2001: A Space Odyssey (Stanley Kubrick, 1968), To Space and Beyond

2001: A Space Odyssey (Stanley Kubrick, 1968), To Space and Beyond

“You’re free to speculate as you wish about the philosophical and allegorical meaning of the film—and such speculation is one indication that it has succeeded in gripping the audience at a deep level—but I don’t want to spell out a verbal road map for 2001 that every viewer will feel obligated to pursue or else fear he’s missed the point.” – Stanley Kubrick


2001: A Space Odyssey is always associated with “gorgeous,” “epic,” and inevitably “impossible to understand.” Released in 1968, 2001 is a truly timeless piece that takes time to think over and digest. Not only because it triggers questions such as homo sapiens’ existence and evolution, the relationship between a tool and its operator, and extraterrestrial life, but also because it posts these questions with the marvelous visuals and unique rhythm that make it such a sensational film. When Wally Pfister, the cinematographer of Inception (Christopher Nolan, 2010) and The Dark Knight Rises (Christopher Nolan, 2012), introduced 2001 to the audience of “The Last 70mm Film Festival” this August, he explained, “Kubrick’s massive canvas took me directly into outer space, with the perfect dark compositions, the space station slowly floating in hypnotic rotations, and a musical score that matches the grace and power of the brilliant images on the screen.”

Originally filmed in 65 mm negative and later blown up to 70 mm, the details, precision, and contrast that 2001 achieved were spectacular. Kubrick hired Douglas Trumbull, the man who later did special effects for Star Trek: The Motion Picture (Robert Wise, 1979), to be the special effects supervisor of 2001 after watching To the Moon and Beyond that he made for National Aeronautics and Space Administration (NASA). The crew built a space station miniature that was 300 feet long, and one version of the Discovery spaceship that was 54 feet long: almost too large to be called “miniatures.” Prototypes of the design of Discovery could be found in railroad wagons, battleships, aircrafts, and early spacecrafts. Discovery was also equipped with a centrifuge that was 38 feet in diameter and rotatable. The camera was attached to the centrifuge so that it saw the spacecraft cabin as stationary even though it was moving. The reverse was done to show the astronaut floating and rotating in the cabin at the same time. (Numbers taken from “Encyclopedia of Movie Special Effects,” by Patricia D. Netzley. )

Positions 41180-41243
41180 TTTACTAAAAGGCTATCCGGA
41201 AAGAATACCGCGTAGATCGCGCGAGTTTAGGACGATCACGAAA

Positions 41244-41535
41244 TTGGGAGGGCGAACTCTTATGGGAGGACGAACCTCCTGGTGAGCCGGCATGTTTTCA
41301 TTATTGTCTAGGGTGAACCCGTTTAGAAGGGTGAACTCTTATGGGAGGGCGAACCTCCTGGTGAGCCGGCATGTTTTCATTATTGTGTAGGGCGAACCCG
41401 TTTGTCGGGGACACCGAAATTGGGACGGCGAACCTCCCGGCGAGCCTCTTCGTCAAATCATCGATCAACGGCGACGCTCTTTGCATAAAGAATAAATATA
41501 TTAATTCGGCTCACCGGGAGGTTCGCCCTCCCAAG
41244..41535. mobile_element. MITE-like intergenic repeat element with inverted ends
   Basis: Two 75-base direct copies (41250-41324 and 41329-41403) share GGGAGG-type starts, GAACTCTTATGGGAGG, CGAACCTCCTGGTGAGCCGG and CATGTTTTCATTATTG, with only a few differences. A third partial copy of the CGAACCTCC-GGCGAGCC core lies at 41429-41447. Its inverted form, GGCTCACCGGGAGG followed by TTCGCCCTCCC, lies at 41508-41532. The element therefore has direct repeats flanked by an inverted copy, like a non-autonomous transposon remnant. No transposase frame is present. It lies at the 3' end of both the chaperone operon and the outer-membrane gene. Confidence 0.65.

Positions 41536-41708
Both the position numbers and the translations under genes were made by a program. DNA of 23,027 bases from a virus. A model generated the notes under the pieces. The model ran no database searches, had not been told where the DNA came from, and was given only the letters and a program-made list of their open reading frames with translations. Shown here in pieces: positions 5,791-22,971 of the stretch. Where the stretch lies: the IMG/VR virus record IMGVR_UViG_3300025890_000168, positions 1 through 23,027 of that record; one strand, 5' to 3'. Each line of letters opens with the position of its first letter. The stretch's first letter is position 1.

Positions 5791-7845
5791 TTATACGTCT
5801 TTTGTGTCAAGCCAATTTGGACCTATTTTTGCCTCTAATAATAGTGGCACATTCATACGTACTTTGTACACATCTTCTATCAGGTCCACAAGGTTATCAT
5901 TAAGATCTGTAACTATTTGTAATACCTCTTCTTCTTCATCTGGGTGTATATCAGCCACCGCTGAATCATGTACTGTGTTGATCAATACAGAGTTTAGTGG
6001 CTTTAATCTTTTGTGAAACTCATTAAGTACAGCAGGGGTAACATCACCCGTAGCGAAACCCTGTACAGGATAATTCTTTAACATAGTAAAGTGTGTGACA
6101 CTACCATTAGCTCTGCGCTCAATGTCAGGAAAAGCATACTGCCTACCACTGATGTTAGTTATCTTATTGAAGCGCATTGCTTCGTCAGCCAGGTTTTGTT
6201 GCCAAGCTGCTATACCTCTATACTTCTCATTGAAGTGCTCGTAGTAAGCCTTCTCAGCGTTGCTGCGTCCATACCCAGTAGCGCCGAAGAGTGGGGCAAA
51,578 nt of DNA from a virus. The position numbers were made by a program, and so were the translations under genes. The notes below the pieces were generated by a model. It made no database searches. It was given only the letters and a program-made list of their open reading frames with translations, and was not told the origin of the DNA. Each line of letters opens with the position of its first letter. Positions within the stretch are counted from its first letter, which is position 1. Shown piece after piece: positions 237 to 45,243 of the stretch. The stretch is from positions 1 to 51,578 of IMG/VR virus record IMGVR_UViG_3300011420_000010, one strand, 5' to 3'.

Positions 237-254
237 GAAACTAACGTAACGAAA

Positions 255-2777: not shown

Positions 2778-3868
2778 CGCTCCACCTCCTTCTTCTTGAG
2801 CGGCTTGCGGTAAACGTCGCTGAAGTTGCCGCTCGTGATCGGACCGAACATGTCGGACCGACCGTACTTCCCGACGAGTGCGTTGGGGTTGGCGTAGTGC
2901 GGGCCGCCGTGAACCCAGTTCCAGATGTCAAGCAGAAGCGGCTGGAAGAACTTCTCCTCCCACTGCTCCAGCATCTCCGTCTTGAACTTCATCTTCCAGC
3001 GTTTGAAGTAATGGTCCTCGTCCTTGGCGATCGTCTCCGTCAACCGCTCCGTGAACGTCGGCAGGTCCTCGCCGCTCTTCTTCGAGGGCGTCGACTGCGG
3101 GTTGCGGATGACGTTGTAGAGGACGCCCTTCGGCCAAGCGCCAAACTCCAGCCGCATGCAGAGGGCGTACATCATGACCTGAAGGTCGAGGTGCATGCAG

What of the illusionary “intelligent lights” the main character experienced while he traveled through the time corridor? How was the effect created, noted that no digital effects were used? Trumbull invented a new projection technique called “slit-scan filming” to create varying light streams in camera. The filming process took place in a completely dark room with a specially designed a 65mm auto-focus camera whose shutter remained open for a long time. The camera was then used to film a movie that consisted of abstract artworks and electronic-microscope photographs of molecules and crystals, and that was also projected onto rotating screens that were moving towards the camera’s lens.

Because of Kubrick’s preference that all effects be created in-camera (in other words, to be photographed together as opposed to being later combined in post-production), even the commonly used matte technique became challenging. Special effects pioneer at the time, Tom Howard, developed a technique called large-screen front projection especially for the filming of the “From Bone to Satellite” chapter of the film. Mirrors and a 40×90 screen made of highly reflective materials were used to blend the apes, played by mimes, dancers and actors in costumes, and the background setting of the wild.

2001: A Space Odyssey is much more than its dazzling effects (indeed it cost $10.5 million to make). On the other hand, it might have also set its standard of “being meaningful and inspirational” too high in that it only won an Academy Award for its special visual effects. It took Woody Allen three screenings over a couple years years to appreciate the film, and changed his attitude from “disappointed” to realizing “ the artist is much ahead of me.” How many screenings will it take for you to grasp the wisdom of 2001?


  • A flash explanation of 2001: A Space Odyssey on Kubrick 2001.
  • The Kubrick Site: Everything about Kubrick saved as an internet archive
  • A short excerpt of a rare recording of Kubrick talking about the space and stars at the opening of 2001: A Space Odyssey in New York

  • The trailer for a currently temporally suspended documentary project on the making of 2001:A Space Odyssey